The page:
I loathe maintaining documentation.
Why? Most documentation is undead. 👻
Invariably documentation becomes out of date and forgotten. It appears to be living. However, as you peel back the layers, you recoil in TRUE HORROR: the undead, zombie documentation, appearing correct, but far from the actual truth.
Try as we might, nobody has time, or frankly interest, to keep software documentation up to date. Without real, focused, care docs languish like a mummy in a spooky crypt, ready to place a curse on any misguided adventurers that stumble into its depths.
Such outdated, undead, documentation curses readers with a false illusion of knowledge.
Executable Documentation - Do X, Expect Y
Instead of dusty scrolls buried in a crypt, Keep a living spellbook 📖.
Unit tests, notebooks, and tools like doctest tell us to “do X and expect Y result”. In addition to being testable documentation, these docs present devs a very clear black-and-white promise of behavior. When devs say personum-shrinkum, they expect their buddy to shrink. If it doesn’t, you’ve given those devs a very clear fraud.
On Shopify’s search team, we had such a spell book.
We documented how to run a search relevance experiment in several Jupyter notebooks. I dislike Jupyter notebooks as a general coding environment. Yet, when it comes to code documentation, it comes with benefits. Notebooks can be constructed with a clear do-this-expect-that kind of flow. You can automate their testing. You can visualize expected results from code. You can even sprinkle assertions alongside your prose to clarify what the expected state of the universe should be to help coach users with any secondary setup or side effects you need.
Whether unit tests, doctests, or some other thing, spellbooks make easily falsifiable promises to other developers. These promises help you cleanly express the state of the world prior to the incantation, the incantation itself, and the expected outcome. Ideally these are testable, but even if they’re not, they’re still better than most docs that just draw how boxes connect with each other.
Artifacts, Not “Documentation”
Late night, coding, devs can be tempted to walk into dangerous crypts, only to find a Google Doc masquerading as living information.
Consider, though, if our devs saw such outdated documentation in its true form - moldy, yellowing pages and heard its cracked spin. Those devs might feel delighted, rather than upset. If such docs were more transparently of a different era, devs would have little expectation they represented the current state of the world.
Understanding a document as a historical artifact, not a promise about today, changes its usefulness. You can place it in context, and trust it exactly as far as you should given its age. Further, the original authors don’t feel a burden to maintain it. Unburdened people may actually write more, creating more limited-use artifacts, and less “documentation”, that attempts to describe the world.
Let’s feel OK creating artifacts, and avoid documentation. Timestamp it. Leave a note to clarify its intent. Are these meeting notes? A notional proposal? The state of the system at a point in time that’s since evolved?
Such “artifacting” really comes into play when we think about source control history. Detailed Pull Requests, commit messages, and associated documentation tied to a commit at a date can be extremely powerful forms of documentation. Let’s tie our documentation, as much as possible, to source control history rather than being flat and supposedly eternally representative of the “present”.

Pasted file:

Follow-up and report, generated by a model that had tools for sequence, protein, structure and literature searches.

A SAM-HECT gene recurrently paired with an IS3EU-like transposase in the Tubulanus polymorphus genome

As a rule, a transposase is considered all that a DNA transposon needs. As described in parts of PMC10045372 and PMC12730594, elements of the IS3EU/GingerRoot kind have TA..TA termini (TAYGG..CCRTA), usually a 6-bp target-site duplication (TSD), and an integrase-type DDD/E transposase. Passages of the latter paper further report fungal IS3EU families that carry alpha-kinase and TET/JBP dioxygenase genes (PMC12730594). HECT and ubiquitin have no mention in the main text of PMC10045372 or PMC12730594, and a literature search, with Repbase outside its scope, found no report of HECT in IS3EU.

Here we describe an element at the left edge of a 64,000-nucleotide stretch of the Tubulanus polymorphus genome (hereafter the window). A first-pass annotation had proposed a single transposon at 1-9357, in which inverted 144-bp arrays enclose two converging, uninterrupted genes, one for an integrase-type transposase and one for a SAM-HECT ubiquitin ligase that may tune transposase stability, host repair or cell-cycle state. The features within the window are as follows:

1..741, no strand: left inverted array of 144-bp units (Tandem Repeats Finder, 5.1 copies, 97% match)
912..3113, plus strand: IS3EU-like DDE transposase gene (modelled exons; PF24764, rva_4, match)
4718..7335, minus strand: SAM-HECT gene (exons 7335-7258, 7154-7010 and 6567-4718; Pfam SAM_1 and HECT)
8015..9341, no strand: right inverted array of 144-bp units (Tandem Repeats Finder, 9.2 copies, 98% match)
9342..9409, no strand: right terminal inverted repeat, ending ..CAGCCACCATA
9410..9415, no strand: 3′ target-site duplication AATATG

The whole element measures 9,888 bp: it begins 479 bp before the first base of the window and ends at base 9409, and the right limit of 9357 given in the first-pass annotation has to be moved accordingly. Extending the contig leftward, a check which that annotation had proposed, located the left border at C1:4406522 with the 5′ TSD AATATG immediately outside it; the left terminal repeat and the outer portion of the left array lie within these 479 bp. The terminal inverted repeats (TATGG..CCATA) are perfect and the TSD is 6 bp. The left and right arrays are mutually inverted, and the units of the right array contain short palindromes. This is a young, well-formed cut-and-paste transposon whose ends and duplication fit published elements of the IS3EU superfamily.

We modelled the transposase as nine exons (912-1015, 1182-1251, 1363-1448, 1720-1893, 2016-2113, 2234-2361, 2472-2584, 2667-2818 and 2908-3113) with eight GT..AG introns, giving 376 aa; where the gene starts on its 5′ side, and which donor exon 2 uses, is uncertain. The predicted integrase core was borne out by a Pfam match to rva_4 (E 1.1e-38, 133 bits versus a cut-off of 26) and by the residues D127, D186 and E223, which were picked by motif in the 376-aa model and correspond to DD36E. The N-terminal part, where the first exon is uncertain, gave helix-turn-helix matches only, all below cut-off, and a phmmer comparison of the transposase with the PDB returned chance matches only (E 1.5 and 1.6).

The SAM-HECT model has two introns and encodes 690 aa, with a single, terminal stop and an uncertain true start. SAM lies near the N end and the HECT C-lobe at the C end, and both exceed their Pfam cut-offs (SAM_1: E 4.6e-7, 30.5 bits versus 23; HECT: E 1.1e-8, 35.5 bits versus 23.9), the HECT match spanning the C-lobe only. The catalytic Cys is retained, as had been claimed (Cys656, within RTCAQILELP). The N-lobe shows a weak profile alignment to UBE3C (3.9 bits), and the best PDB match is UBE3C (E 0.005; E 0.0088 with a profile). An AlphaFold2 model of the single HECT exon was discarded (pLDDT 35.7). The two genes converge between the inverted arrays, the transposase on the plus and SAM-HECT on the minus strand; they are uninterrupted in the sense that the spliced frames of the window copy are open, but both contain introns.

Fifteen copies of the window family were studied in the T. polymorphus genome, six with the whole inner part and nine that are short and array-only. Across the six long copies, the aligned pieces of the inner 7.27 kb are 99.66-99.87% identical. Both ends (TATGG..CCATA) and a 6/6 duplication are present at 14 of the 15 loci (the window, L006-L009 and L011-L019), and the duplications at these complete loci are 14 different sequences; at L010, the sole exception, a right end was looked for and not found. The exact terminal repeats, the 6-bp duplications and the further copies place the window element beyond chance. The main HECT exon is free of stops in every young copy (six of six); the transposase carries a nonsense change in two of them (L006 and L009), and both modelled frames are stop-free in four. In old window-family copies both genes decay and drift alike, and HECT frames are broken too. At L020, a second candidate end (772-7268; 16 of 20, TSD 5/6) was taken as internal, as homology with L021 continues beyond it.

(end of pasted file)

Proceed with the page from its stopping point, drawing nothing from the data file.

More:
Even for such documentation we have good intentions to maintain, keeping a changelog can help ensure we know its provenance. As participants in a project, we can both clarify / maintain the past, while we also try to understand the present.
Documentation for wider audience - a blog, not a wiki
Undead documentation hates being brought out into the light. 🧛
A narrow problem, on your specific project, can often be turned into generally useful information to the broader public.
You’ve probably heard you should describe a problem as minimally reproducible for anyone. But the same applies to solutions too. Many technical problems aren’t really about your specific codebase, but something most developers would find useful.
Blogging, Speaking, or otherwise sharing what you’ve learned publicly can be more valuable than updating a wiki page. You can transform a narrow Wiki page read by 1-2 people, into a blog article, consumed by dozens, hundreds, or more.
This accomplishes a few really important things for your team:
- Seeding Google - You’re more likely to search Google for a problem than your wiki’s search. I HAVE googled a problem and found my own blog articles!
- Feedback - You open your writing up to feedback and corrections from a broader audience, resulting in better documentation. They’ll ask you to clarify what you’re talking about, ask for code that reproduces your description, give suggestions, and help you communicate better.
- Creates an artifact - Blog posts and videos of talks typically come with a timestamp. You’re not expected to maintain them, so they’re treated as an artifact of a point in time, not a promise about today
Intentional documentation culture design
We decide how our team documents software. It’s not sufficient to just put a Wiki up somewhere and point the devs at it. It’s also not cost-effective to create complicated documentation bureacracy to test and enforce documentation.
For most teams, the best we can do, is to be thoughtful documentation creators. Put documentation in the light, not in shadows. Make it executable, and test it. Make it public, and invite scrutiny. Or clarify the document as historical, not impermenant, in nature.
Documentation, buried in shadows, just becomes undead. We may be better off not even creating it in the first place.
As always, feedback is welcome!